Sanford Reports Full Year Results 2019
Sanford Reports Higher Returns from Lower Sales Volumes in Full Year Results 2019,
Supporting Value Add Strategy and Innovation Commitment
New Zealand’s largest seafood company Sanford Limited (NZX: SAN) has reported Net Profit After Tax (NPAT) for the financial year ending September 30, 2019 of $41.7m, compared to its 2018 result of $42.3m. Sanford’s underlying (Adjusted) Earnings before Interest and Tax (EBIT) are $64.8m, compared to $64.7 million in 2018. Sales revenue however, increased to $558m on a like-for-like basis*, up 8% from $515 million in the prior year, despite sales volume decreasing by 5% to 115,000 tonnes.
CEO Volker Kuntzsch says that while the result did not meet original expectations, it was a good outcome following a difficult year and certainly confirms that Sanford has adopted the right strategy for challenging times.
“Climate change is the number one risk we face as a business. We see the consequences of warmer waters and adverse weather conditions playing out in the oceans and on our bottom line. In this situation, it is important for Sanford to be doing the right thing on the water to ensure we fish sustainably, and also to be vigilant and agile so that we are best placed to manage these changes. Our strategy to mitigate this risk through investing in innovation across the business and bringing our customer focus to life at the same time is clearly bearing fruit. Achieving significant top line growth with reduced volumes strongly aligns with our strategic direction.”
Among the challenges faced by Sanford in 2019 year was the sad loss of crew member Steffan Stewart in a tragic accident on the deepwater vessel, the San Granit. Sanford removed the vessel from operations for three months to complete a further and even more highly detailed risk analysis of all factory equipment and processes, despite having already had extensive adjustments made to the vessel to align it to regulatory safety standards prior to its addition to Sanford’s fleet.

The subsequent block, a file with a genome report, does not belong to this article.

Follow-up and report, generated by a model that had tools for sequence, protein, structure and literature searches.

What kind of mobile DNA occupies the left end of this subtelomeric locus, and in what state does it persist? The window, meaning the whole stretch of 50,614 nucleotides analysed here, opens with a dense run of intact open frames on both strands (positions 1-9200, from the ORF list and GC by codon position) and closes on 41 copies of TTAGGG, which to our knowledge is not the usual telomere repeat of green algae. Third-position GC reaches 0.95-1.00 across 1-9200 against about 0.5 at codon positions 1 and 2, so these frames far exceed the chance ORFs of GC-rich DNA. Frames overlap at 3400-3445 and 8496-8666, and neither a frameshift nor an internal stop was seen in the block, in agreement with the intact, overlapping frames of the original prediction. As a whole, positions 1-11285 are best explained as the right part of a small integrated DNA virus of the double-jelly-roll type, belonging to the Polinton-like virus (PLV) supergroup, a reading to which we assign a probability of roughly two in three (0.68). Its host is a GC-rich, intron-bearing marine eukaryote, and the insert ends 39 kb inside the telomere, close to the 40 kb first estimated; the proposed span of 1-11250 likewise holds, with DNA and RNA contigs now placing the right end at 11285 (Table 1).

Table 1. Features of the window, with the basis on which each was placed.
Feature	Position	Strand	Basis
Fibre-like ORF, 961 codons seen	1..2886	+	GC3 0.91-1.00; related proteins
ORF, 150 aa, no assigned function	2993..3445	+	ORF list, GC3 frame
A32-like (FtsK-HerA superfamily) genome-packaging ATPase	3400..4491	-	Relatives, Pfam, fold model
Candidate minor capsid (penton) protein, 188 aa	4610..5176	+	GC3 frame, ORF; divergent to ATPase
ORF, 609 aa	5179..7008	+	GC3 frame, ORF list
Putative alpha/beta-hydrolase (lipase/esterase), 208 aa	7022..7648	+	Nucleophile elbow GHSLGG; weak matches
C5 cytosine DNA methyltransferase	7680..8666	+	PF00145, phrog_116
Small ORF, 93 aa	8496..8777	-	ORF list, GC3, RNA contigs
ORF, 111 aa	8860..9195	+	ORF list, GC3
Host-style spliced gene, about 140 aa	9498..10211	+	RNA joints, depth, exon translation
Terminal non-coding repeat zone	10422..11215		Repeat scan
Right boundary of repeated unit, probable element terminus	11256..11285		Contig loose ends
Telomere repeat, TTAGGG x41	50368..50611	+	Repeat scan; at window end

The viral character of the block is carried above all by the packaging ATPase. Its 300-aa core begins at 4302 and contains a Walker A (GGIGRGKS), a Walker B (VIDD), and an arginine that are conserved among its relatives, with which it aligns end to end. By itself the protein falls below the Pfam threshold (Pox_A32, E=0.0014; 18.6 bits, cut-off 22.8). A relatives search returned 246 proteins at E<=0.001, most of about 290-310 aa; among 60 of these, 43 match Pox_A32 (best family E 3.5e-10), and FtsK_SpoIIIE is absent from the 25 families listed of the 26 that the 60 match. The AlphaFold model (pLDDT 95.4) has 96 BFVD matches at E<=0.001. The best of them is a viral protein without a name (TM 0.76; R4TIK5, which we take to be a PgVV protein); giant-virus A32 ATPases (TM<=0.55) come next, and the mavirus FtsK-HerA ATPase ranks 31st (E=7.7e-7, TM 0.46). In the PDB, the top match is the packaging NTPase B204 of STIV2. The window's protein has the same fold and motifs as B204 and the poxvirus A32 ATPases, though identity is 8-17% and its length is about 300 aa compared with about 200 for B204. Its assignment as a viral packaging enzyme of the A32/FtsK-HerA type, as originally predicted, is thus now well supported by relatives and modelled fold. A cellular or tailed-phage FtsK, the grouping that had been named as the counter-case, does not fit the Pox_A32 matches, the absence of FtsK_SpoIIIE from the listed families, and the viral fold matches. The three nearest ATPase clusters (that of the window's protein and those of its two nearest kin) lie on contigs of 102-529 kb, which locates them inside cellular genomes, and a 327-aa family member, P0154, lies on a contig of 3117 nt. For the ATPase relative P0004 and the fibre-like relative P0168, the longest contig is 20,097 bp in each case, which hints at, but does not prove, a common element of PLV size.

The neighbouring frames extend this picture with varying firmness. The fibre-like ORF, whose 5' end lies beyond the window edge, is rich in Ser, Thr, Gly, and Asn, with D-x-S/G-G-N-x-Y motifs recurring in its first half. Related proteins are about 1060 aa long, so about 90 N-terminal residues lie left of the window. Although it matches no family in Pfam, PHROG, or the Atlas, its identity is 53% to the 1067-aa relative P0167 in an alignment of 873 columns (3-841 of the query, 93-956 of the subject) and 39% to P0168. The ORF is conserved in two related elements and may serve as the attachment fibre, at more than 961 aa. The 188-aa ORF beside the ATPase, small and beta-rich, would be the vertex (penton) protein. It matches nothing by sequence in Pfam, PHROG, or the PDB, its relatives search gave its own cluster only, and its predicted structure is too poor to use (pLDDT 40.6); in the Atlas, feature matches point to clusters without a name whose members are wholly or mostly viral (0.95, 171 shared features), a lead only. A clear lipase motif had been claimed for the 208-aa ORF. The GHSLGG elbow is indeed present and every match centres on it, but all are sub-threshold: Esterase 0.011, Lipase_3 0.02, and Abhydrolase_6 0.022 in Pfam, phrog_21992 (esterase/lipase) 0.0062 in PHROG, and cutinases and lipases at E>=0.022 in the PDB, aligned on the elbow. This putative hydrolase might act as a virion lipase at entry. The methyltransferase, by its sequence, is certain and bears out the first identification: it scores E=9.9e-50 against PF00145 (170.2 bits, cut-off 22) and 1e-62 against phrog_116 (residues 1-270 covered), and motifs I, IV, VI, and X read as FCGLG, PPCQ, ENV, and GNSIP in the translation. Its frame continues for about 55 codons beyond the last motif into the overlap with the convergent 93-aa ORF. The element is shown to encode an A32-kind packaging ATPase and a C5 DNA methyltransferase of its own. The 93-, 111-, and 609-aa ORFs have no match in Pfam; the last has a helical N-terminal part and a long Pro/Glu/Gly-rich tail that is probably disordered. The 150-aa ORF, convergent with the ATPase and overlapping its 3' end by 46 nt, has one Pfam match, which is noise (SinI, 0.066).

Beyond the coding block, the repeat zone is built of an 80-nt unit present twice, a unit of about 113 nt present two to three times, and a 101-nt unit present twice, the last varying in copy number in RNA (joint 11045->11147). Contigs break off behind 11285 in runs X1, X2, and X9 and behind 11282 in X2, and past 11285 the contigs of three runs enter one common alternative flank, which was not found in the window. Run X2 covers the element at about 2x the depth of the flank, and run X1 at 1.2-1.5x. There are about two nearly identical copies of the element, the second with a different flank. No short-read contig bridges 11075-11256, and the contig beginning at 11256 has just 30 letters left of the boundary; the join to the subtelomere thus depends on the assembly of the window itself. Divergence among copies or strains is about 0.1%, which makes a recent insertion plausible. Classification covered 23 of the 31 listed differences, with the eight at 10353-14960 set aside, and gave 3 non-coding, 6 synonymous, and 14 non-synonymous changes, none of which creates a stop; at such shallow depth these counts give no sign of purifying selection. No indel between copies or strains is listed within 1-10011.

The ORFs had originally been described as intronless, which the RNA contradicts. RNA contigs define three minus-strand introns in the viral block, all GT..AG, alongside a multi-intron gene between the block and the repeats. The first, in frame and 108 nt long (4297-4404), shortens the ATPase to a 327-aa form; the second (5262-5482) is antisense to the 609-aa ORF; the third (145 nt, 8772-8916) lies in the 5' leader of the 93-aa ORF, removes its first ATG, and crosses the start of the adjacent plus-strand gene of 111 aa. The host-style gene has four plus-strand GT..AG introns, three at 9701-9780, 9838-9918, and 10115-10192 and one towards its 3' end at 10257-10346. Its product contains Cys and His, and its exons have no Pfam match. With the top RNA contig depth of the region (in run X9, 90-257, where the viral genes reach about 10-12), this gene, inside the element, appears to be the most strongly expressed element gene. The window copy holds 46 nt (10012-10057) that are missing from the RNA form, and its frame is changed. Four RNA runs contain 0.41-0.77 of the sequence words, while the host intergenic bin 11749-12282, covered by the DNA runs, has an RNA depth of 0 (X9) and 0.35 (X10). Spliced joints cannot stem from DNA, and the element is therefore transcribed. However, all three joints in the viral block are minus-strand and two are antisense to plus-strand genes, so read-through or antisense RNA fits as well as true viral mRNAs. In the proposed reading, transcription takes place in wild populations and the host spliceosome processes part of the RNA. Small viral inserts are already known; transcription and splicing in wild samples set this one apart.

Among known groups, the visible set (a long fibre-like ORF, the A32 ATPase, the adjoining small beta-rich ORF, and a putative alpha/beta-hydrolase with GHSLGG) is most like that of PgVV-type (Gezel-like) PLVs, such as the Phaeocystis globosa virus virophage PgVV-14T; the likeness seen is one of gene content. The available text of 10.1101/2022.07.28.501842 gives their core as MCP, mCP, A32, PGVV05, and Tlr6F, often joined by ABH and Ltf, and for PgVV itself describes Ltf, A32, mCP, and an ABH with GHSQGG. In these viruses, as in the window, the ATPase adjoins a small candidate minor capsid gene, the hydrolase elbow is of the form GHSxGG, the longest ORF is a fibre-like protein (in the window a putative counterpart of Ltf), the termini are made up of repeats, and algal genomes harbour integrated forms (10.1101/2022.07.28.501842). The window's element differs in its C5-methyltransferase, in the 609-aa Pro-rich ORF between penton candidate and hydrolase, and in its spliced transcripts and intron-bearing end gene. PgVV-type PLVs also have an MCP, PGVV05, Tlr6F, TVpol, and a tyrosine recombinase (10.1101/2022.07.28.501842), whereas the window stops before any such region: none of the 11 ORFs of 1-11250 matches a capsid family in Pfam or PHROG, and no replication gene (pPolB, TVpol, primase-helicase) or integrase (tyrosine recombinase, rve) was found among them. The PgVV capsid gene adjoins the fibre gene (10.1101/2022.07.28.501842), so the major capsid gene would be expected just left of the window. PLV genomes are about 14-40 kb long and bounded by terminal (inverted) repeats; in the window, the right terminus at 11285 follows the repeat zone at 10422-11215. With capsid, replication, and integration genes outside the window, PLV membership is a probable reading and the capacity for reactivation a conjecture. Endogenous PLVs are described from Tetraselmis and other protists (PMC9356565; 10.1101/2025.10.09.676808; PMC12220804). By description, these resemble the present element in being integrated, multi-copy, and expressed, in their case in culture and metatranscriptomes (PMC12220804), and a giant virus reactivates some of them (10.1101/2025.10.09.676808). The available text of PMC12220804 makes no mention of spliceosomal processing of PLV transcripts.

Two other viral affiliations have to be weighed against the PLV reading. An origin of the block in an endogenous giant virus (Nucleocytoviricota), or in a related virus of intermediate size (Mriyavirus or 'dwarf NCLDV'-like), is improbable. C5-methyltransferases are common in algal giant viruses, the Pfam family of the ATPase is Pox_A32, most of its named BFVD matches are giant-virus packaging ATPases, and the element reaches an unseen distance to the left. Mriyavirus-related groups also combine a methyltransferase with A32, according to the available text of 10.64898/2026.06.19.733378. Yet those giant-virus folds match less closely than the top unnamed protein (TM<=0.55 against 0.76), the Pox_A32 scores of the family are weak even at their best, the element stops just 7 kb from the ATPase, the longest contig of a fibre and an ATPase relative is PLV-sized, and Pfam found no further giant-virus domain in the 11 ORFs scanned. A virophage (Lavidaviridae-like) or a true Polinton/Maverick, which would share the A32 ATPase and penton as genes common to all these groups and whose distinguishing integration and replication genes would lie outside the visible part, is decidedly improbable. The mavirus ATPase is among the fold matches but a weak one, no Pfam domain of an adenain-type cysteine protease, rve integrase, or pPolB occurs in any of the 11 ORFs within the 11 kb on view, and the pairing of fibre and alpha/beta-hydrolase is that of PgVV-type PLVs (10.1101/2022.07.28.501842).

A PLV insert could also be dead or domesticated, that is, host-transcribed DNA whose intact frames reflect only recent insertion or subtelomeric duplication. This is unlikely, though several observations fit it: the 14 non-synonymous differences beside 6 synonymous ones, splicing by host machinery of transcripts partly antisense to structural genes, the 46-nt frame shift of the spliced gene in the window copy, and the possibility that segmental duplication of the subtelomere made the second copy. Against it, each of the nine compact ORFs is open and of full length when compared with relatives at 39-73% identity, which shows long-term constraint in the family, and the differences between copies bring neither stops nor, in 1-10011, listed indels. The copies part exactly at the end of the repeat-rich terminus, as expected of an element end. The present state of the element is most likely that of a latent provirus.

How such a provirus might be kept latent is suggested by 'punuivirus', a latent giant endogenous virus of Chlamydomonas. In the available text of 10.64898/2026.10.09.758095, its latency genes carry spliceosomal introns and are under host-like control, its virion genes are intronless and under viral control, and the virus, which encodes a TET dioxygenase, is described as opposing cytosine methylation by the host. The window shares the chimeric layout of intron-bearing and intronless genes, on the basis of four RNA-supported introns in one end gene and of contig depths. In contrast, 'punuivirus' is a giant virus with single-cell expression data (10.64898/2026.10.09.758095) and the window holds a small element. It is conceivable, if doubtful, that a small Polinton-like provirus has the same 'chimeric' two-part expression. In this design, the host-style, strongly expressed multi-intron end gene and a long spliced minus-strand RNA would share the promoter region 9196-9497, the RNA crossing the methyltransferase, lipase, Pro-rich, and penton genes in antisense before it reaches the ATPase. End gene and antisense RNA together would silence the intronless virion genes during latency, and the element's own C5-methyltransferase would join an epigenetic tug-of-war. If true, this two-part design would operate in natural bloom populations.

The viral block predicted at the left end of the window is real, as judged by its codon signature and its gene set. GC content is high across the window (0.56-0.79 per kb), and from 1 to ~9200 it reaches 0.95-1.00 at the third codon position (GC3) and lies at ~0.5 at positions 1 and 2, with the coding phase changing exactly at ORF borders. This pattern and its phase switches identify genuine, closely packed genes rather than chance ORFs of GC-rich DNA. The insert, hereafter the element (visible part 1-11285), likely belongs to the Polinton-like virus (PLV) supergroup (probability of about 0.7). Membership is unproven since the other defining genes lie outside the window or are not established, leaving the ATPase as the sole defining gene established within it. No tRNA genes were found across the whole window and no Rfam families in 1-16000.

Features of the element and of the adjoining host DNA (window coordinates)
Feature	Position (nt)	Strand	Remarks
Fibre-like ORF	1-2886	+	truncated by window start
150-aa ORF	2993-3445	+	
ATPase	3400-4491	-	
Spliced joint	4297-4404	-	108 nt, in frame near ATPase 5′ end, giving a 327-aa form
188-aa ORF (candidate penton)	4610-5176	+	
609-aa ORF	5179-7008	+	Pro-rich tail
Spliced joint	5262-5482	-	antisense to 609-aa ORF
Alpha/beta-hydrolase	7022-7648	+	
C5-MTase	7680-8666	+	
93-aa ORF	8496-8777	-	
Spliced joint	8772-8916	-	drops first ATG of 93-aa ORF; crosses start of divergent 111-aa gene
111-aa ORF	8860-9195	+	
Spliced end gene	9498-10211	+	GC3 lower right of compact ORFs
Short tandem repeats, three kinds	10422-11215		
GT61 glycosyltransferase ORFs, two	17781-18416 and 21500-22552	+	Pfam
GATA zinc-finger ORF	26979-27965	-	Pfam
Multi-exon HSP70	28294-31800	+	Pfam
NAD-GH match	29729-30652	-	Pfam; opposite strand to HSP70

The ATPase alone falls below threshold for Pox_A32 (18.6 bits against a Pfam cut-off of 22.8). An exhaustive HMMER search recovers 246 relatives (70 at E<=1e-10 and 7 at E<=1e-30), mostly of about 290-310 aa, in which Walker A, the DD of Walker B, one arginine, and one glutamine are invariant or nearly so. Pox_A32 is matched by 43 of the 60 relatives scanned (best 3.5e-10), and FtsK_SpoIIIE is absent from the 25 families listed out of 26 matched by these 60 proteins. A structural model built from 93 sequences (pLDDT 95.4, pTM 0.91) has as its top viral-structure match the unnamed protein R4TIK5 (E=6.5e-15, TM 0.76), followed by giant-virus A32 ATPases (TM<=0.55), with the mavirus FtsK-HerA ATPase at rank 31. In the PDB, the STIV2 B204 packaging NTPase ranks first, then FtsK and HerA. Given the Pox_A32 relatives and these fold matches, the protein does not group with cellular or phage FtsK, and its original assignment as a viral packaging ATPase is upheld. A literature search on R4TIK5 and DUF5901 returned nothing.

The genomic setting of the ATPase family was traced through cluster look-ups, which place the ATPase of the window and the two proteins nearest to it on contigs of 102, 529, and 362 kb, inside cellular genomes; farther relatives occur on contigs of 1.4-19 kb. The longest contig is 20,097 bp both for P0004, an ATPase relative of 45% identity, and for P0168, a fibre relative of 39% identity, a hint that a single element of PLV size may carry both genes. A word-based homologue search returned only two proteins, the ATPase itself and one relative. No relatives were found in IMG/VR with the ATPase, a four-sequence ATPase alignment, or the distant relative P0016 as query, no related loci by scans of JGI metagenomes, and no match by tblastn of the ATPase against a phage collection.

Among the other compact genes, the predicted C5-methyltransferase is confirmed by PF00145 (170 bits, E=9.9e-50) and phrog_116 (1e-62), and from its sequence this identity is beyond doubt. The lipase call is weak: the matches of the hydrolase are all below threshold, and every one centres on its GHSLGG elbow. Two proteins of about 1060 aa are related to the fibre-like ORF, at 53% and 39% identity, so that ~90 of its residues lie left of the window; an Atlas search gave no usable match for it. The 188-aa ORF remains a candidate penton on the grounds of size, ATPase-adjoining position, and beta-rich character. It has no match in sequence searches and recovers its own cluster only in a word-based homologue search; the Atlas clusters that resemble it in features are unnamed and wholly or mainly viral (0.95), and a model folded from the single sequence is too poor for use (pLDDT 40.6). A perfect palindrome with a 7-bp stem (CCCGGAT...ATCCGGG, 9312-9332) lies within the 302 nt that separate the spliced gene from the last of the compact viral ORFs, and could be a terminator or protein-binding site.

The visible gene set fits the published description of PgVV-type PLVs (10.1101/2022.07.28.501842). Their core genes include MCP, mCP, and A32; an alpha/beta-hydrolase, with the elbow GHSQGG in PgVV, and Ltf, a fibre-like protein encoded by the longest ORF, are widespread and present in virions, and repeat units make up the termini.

Mr Kuntzsch says safety is a top priority for Sanford.
“With safety such a major area of focus for us, we were pleased that our latest engagement survey shows a very high awareness of the focus on safety and health across the business, with the outcome of 85%, the highest score of the entire survey, well above the international benchmark. We will not compromise on safety and we are glad our people see that and are actively taking part in the safety conversation within the business.”
The three-month tie-up of the San Granit meant a reduction in catch volumes as did the decision by Sanford to support an industry initiative to voluntarily forgo 20,000 tonnes of hoki quota on the West Coast as a precautionary sustainability measure. These volume reductions could only partially be compensated for through higher catches of species like squid and product mix improvements on board the deepwater fleet. The Precision Seafood Harvesting (PSH) fishing method has been approved by the Ministry for Primary Industries (MPI) for use in inshore and in deepwater fishing and has since been deployed across Sanford’s fleet. This New Zealand-developed fishing gear is a game changer in world fisheries, delivering a superior quality of product through its gentler method.
Mr Kuntzsch says “PSH is creating a strong level of interest globally. Our fishing crews and our customers are enjoying the improvement in quality and customers are already telling us they want ‘fish caught the PSH way’.”